Are you kidding me? How shallow can you get? So you’re going to ignore someone’s opinion because of bad eyebrows?! First off, there’s no such thing as a bad eyebrow. There’s just ones you prefer and ones you don’t prefer, but thinking everyone should agree with you and the people who do agree with you is remarkably arrogant. Don’t mistake your opinion for reality. And whether it’s eyebrows or the person being terribly crippled by disease—if you’re going to do that then someone like Stephen Hawking will get discriminated against because he’s in a wheelchair with ALS. Grow up. Information is information. If you’re casting it aside simply because of who’s saying it out loud then you don’t know anything about how to learn with an open mind. That is weak. Isaac Newton hated people and worked naked. Michelangelo didn’t really like people either. Einstein had wild hair and always forgot to take off his slippers when he went to teach. Hawking’s in the wheelchair. It goes on and on. Don’t judge books by their covers. Because if you can’t even do that then you’re a long way away from the enlightened perspective that comes with unconditional love.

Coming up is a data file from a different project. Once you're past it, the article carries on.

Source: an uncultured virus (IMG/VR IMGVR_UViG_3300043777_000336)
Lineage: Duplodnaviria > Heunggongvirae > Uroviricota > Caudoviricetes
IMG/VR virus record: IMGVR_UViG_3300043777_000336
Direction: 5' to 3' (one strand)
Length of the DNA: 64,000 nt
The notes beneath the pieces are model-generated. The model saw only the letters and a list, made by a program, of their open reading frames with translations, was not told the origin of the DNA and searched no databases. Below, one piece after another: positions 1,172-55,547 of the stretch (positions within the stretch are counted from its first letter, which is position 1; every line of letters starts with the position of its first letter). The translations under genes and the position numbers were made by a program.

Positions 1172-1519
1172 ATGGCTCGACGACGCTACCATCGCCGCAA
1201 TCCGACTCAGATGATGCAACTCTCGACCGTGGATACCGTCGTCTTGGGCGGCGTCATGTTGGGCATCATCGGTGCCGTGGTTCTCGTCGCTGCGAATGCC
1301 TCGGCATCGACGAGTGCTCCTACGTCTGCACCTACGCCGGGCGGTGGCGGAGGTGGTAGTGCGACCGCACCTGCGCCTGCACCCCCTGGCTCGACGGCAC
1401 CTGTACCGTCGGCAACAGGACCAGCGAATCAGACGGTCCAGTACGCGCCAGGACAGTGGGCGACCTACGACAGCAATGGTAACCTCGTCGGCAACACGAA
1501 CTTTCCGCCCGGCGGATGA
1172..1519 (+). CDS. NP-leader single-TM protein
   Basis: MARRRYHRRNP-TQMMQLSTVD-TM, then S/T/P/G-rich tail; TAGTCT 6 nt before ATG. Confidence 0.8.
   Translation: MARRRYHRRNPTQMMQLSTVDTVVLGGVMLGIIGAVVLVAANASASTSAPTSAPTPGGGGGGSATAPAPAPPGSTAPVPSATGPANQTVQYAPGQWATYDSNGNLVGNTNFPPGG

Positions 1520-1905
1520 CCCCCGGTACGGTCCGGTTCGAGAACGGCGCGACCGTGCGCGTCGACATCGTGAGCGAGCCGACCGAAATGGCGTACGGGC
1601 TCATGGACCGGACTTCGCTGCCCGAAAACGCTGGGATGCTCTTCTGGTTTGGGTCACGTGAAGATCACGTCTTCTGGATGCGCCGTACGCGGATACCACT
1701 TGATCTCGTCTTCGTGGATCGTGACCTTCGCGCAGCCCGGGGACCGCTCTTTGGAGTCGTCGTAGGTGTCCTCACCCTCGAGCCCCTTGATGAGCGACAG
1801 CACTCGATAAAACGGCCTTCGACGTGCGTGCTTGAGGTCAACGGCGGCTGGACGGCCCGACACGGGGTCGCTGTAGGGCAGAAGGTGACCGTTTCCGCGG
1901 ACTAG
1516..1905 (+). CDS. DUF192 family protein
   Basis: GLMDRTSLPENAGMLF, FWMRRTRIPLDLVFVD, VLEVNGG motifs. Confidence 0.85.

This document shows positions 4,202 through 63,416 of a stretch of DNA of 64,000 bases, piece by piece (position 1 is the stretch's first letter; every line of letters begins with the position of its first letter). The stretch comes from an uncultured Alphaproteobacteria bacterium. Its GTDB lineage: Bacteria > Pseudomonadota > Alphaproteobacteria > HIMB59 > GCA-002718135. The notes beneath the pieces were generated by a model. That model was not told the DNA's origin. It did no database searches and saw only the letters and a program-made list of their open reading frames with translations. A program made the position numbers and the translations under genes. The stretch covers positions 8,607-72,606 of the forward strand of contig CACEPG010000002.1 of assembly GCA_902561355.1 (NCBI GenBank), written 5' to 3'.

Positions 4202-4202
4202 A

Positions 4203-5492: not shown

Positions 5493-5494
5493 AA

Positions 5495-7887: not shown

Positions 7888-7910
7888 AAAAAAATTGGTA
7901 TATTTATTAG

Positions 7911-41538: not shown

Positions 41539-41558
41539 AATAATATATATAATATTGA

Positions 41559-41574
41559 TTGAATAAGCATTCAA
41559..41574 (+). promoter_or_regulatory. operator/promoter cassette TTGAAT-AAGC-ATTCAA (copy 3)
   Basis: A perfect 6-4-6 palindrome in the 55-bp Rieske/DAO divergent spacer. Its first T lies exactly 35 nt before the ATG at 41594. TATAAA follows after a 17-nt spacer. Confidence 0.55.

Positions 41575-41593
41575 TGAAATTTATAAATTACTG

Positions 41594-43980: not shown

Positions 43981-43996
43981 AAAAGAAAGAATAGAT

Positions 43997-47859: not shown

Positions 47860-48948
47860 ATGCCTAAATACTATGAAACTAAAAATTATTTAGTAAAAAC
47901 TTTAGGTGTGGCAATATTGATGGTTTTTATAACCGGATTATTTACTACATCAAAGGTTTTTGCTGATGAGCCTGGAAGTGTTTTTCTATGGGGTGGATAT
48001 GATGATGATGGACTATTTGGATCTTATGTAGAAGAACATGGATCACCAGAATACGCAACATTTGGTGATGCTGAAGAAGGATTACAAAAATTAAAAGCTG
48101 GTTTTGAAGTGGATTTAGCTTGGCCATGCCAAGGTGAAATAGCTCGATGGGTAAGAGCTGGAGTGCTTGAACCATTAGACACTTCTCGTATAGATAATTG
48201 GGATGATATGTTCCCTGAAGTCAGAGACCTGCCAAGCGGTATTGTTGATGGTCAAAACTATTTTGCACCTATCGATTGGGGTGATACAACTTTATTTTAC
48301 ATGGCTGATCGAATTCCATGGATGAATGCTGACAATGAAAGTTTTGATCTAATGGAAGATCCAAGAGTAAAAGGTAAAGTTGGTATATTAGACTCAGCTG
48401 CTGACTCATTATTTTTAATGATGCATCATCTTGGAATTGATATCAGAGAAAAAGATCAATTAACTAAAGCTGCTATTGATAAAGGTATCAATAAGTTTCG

Note: Everyone who posts or shares a quote does so with the very best of intentions. That said, I have created the series of Other Perspectives blog posts in an effort to prevent some of these ideas from entering into people’s consciousness unchallenged. These quotes range from silly to dangerous and—while I intend no offense to their creators—I do use these rebuttals to help define and delineate the larger message I’m attempting to convey in my own work. I do hope you find them helpful in your pursuit of both psychological and spiritual health.
Following a serious childhood brain injury Scott McPherson unwittingly spent his entire life meditating on the concepts of thought, consciousness, reality and the self. This made him as strange to others as they were to him. Seeing the self-harm people created with their own overthinking, Scott dedicated part of his life to helping others live with greater awareness. He is currently a writer, speaker and mindfulness instructor based in Edmonton, AB, where he finds it strange to write about himself in the third person.